16 years, 7 months ago

Service Delivery Platform (SDP) for the Enterprise

I’m noticing a lot of great improvements in Enterprise Architecture Frameworks, namely FEAF, TOGAF, Gartner EAF and ITIL (Yes, I see ITIL as an EAF now). They are embracing similar improvement themes like Business Strategy linkage, enabling agile business via Service-Oriented Architecture approaches, iterative delivery processes, federated team models, and process, information and system complexity reduction.

The good news is that they are learning. And the bad news, unfortunately, is that they are learning and each new concept they gradually expand and adopt takes a bit of catch-up with what industry thought-leaders already know and it takes time to get new ideas incorporated into EAF documention.

For those of us who have to sign-up and deliver to our CxO executives useful architectures usually anchor, somewhat loosely, to one of the popular EAFs out there and then liberally pull from the best practices that we discover. I’d like to highlight a best practice from a somewhat lesser known EAF called New Generation Operations Support Services (NGOSS) that may radically impact the way your EAF implementation looks today. The best practice is the notion of a Service Delivery Platform (SDP) from the telecommunications industry.

We all know that SOA is a powerful tool to enable an agile business but we don’t know what the nuts and bolts, bits and bobs of the resulting well-formed business process, information and system architectures are if we use your typical SOA approach. Well, it turns out that the telecom industry has largely solved this and are working on the challenges of what comes next.

Huh? Am I saying that there’s more work to improve our architecture after we get a first serious rev of architecture based on SOA? Yes, there is! Through continuous improvement and change in the business, we will continually modify our architecture to advance our business and be more competitive.

For example, based on the needs of faster delivery of services, there are higher levels of sophistication in how to do Service Management with features like Service Naming, Registry and Location Services, Service Policy Management, Service Quality Management, Service Configuration Management, and Service Rating and Discounting Management.

Another example, is the sophistications in how an enterprise will handle supporting shared services. Enterprise Architectures will need to support shared services and will require sophistications in Dev and Test environments, Governance process and team models, SDLC modifications, Customer Support and Service Consultation/On-boarding.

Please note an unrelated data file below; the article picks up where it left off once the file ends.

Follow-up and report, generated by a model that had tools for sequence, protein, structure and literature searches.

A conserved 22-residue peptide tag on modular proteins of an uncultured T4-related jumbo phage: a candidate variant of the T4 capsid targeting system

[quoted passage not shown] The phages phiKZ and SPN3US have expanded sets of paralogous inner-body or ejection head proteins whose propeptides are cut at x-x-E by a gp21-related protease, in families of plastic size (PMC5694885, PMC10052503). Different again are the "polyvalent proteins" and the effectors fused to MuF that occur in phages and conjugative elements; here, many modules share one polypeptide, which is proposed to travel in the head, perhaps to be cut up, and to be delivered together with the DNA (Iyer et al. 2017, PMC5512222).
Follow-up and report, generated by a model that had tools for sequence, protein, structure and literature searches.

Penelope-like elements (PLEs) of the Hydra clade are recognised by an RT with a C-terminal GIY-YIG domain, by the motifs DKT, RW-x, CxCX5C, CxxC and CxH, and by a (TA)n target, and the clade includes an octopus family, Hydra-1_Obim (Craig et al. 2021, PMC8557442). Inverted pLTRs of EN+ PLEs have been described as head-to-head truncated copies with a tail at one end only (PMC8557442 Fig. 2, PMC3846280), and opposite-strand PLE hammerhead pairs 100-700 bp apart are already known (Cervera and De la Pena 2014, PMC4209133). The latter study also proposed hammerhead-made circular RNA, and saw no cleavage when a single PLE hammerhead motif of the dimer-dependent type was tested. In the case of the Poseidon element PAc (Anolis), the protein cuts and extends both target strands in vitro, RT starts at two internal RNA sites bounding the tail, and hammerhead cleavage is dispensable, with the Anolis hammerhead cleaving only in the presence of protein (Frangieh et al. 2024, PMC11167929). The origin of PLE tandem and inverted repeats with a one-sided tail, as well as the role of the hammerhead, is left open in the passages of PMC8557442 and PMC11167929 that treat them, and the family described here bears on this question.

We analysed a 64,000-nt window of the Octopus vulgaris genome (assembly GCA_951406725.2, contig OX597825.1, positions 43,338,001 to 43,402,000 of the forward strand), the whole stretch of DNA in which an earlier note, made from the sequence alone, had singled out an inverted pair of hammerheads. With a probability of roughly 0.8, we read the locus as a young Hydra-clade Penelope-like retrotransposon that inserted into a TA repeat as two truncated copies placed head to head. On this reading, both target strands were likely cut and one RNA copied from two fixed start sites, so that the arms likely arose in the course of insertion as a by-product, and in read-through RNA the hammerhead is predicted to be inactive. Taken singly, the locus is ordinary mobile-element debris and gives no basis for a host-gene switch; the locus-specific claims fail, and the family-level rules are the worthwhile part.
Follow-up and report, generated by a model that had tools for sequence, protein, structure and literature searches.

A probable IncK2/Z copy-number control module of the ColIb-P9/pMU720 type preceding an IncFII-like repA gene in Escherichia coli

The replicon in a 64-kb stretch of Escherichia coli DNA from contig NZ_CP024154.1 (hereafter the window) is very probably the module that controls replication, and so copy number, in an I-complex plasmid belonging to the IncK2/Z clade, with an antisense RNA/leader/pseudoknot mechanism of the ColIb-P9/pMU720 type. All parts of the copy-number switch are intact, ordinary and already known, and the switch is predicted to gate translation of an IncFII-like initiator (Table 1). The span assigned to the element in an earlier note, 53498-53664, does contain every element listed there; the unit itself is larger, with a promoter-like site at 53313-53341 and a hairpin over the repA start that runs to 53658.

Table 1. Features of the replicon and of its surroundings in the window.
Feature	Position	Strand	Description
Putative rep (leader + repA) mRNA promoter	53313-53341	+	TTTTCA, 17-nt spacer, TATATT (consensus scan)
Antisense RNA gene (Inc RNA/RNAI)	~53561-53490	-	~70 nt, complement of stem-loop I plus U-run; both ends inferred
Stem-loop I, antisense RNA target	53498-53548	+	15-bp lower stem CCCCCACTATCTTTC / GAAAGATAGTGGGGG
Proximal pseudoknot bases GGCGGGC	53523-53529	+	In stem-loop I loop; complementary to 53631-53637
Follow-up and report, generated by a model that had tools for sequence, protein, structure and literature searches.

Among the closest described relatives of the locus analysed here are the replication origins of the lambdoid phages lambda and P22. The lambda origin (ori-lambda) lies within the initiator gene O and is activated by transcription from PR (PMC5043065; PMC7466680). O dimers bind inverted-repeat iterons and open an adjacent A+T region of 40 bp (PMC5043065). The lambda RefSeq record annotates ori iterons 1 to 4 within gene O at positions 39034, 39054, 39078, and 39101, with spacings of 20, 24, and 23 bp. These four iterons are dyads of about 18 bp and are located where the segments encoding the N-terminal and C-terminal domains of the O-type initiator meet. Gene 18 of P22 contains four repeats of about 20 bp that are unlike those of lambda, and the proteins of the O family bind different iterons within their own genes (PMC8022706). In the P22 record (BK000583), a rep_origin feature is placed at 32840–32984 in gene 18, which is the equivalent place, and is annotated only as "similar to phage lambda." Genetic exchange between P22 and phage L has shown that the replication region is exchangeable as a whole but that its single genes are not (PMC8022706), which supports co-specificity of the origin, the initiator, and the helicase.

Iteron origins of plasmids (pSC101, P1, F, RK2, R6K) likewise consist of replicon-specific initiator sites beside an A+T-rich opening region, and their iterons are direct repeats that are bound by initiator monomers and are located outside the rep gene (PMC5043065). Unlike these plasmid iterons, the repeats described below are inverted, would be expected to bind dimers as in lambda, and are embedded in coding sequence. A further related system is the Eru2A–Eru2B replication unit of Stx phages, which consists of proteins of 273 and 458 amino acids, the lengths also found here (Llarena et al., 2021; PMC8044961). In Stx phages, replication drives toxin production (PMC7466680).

And finally, there are levels of sophistication how the enterprise architecture will look in S+S scenarios such as process, information and system integration with cloud services. Or, resolve how the architecture will handle partner collaboration and customer-centric challenges the business strive for.

Some may argue that these are already included in a SOA approach – these people are thought leaders and are very rare. For the rest, these bits of sophistication aren’t even on the radar yet.

The point is that they definitely are involved and most mainstream SOA approaches out there today don’t know this yet. The NGOSS framework is focused on these aspects and through the competitive, free market forces in the telecom industry, they are improving on their framework relatively rapidly. In fact, I predict that enterprises will begin to adopt them and we will see more and more of the SDP concepts built into enterprise products moving forward.

I suggest you take a look at the NGOSS and eTOM documents produced by the TeleManagement organization. Here’s their website. Register for free and then start looking at the free material. Pay particular attention to the Enhanced Telecom Operations Map (eTOM), Technology Application Map (see image below), Technology-Neutral Architecture models and Shared Information Data (SID) model that make up the NGOSS EAF.

Of course, NGOSS is more geared to delivery of monetized services than support of an enterprise shared services. But the capabilities they have created to solve for service delivery in a Service Delivery Platform are relevant for the enterprise.

That’s my main point of this blog post. I see value in NGOSS/eTOM as a catalyst for improvement in an Enterprise Architecture via, at the very least, a mature Service Delivery Platform to realize SOA. Hence, SDP for the Enterprise.

As it turns out, Microsoft has a strong competency in the SDP space and have a product named Connected Systems Framework (CSF) which is born from the telco industry but generic enough to support an enterprise. Here’s more info on CSF: http://msdn2.Microsoft.com/en-us/library/aa445859.

Here’s a rough CSF technical architecture diagram to help convey some of the components included in the CSF solution.

Also, have a look at the article “Efficient Software Delivery Through Service-Delivery Platforms” by Gianpaolo Carraro, Fred Chong, and Eugenio Pace found here: http://msdn2.microsoft.com/en-us/architecture/bb735303.aspx

Now, for enterprises seeking to offer Services in a S+S business model, there is much more here to leverage. More on this later.